Reminiscences of Old Colorado County Boyhood Days With Captain Donovan [William Donovant] “Ole’ Cap’n”
By Dr. I. B. Sigler, Sealy
As a boy father had told us of the wonderful old Donovan plantation; of its roving fields of cane and its thousands of acres of cotton so white in the hazy autumn days; of the wonderful old sugar mill at Lakeside and. its great pecan trees.
Sometimes a privilege comes to us as we travel along life's highway and so it came to me when one day father told me that Captain wanted me to weigh cane at that old sugar mill, while my brother was wanted to run the centrifugal machine.
So, one day about dark in October 1894 we arrived at that romantic spot, and I was soon to know Captain Donovan; so lovingly called “the ole Cap’n” by darkies on the plantation. Long before we arrived at the sugar mill we could see the glare upon the sky as the firemen opened the furnace doors and fed bagesse into the fire. The report was general that the engines that ran the rollers to this old mill were once engines upon a steamboat on the Brazos. I believe this is true, because the exhaust from them could be heard a long ways just as the old river steamers upon the Mississippi.
History tells us that social institutions remain often for many years after the period has arrived when they have become decadent. And, so it was with the plantation life in the South. And the people of Colorado county and of Eagle Lake had a chance to see this upon the old plantation of Captain Donovan. Comprising some 12,000 acres, it was a segment of the old South, still living 30 years after the war's end.
I can remember yet, going up to the top of the old mill and viewing the hundreds of acres of waving cane and white fields of cotton in the Indian summer days of '94, while away to the south the timber line of the river could be seen. I often think how little the people of those days realized how fascinating was this old plantation, where the old South and the new South lived side by side.
Captain Donovan was one of the most interesting characters Texas ever had. In his character was blended the aristocrat and the democrat. From his store in Eagle Lake, he would drive out to the plantation in his buggy at times, more often he would ride horseback.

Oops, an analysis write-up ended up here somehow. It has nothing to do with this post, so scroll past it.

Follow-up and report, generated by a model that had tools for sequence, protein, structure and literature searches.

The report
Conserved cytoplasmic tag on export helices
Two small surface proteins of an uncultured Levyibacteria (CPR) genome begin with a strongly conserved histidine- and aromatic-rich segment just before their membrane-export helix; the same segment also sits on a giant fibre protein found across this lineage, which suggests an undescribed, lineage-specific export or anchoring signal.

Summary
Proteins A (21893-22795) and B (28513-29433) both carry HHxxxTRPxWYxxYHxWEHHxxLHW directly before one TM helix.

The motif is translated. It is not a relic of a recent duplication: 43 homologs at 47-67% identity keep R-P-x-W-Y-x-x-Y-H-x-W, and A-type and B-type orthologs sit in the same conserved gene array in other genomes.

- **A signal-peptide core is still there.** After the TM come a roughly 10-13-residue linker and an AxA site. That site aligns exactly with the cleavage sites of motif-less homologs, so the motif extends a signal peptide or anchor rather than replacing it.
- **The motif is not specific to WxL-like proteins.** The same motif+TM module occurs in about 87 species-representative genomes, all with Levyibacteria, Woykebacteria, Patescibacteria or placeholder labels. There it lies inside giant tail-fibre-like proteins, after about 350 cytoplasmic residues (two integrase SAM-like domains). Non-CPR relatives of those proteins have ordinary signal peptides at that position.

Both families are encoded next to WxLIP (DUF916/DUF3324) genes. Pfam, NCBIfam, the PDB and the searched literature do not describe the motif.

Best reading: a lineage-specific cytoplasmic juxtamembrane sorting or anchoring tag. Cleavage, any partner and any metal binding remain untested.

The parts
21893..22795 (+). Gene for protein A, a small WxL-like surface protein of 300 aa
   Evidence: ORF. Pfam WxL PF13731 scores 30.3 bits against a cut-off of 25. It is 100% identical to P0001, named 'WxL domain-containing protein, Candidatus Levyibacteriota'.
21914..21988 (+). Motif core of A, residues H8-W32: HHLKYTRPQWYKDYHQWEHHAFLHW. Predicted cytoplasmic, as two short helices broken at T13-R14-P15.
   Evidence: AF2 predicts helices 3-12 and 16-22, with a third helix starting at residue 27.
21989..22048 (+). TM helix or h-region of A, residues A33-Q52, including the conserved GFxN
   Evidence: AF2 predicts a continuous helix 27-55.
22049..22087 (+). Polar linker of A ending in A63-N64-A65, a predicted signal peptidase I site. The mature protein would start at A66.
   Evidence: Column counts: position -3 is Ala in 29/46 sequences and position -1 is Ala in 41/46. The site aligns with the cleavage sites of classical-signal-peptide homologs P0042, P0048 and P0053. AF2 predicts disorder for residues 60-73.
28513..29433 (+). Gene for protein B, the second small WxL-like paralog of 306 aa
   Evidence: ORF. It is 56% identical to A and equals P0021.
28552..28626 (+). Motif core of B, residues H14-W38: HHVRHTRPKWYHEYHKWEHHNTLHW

Cicero Howard, a colored man, was foreman over the cotton farms upon which the colored people lived, and he began there getting his report, and, he usually, carried several hundred dollars in silver to hand out along the way to Lakeside. There he had his office in a simple building, where he used to retire to rest after seeing that his horse was taken care of. Here was the mill he first operated, in which the Mexicans held forth during the sugar season. They stripped and cut the cane and at night that old mill, with its smoke and its Monte games was like a page from Old Mexico.
Captain Donovan's left arm was gone--shot away during the war, but he knew no fear.
At Lakeside, too, was his commissary and the houses where the men who ran the mills stayed, and the kitchen and dining room where they ate on the old plantation.
There was always a fall garden, with plenty of ribbon cane syrup and fresh vegetables, there was always plenty of good food. And when the noon meal time arrived Captain Donovan would sit at the head of the table with the men who worked in the mill and the store, like some old patriarch of whom we read. No man on that wonderful old plantation was too humble to address him.
The field hands, who cut the cane, were paid off in checks every night. The two field foremen would line them up, with a slip for their time. And sometimes I would start down the line and give each one a brass check, sometimes the store manager, Mr. Turnbaugh. And on the first of the month the ole Cap'n would come to Lakeside with several hundred dollars in silver and back of the commissary Mr. Hale, Mr. Turnbaugh and I would count up their checks and give them silver dollars for their checks. Generally the best gambler held the most checks.
Back of the commissar was a room about 20 feet square, into which we emptied the pecans as they came in. About twice a week we would load the pecans on wagons and, send in, sugar and pecans, to Mr. Brewster Gilmer, who was the bookkeeper at the old Cap'n's store at Eagle Lake.
Often the Cap'n wore a worried look on his face, and looking back now I can see why. Plantation A sugar those days sold for $3.75 a hundred, and YC for $3.50. The summer of 1894 we had abundant rains and that year cane was from 10 to 12 feet high and much of it weighed 35 tons to the acre. The first sugar ran about 160 pounds to the ton, of course this was not refined sugar as we know it now.
It was centrifugal sugar, dried in a hot room and packed in barrels. On top of each barrel was stenciled the net weight and Lakeside Plantation, Wm. Donovan.
The autumn of '94 was like those one reads of in stories of early America-perfect Indian summer with cool nights, and the blue haze hanging all over that beautiful farm.
Those old steamboat engines ran day and night, hoping against hope to get all of the cane in before some disaster befell it. On through January without a cloudy day, the old mills ground on, except Sundays. February came in still bright and clear, but, alas! disaster was to come to romantic old Lakeside soon for on the 13th and 14th we had one of the most disastrous snow storms in Texas history. Though the cane was wind rowed and much of it was covered up, nearly all of it yielded so little sugar its loss was a serious blow to proud old Captain Donovan.
(This is the first of a series of three articles written by Dr. Sigler for The Citizen. Others will appear later).
Colorado County Citizen, October 17, 1940, pages 1 and 4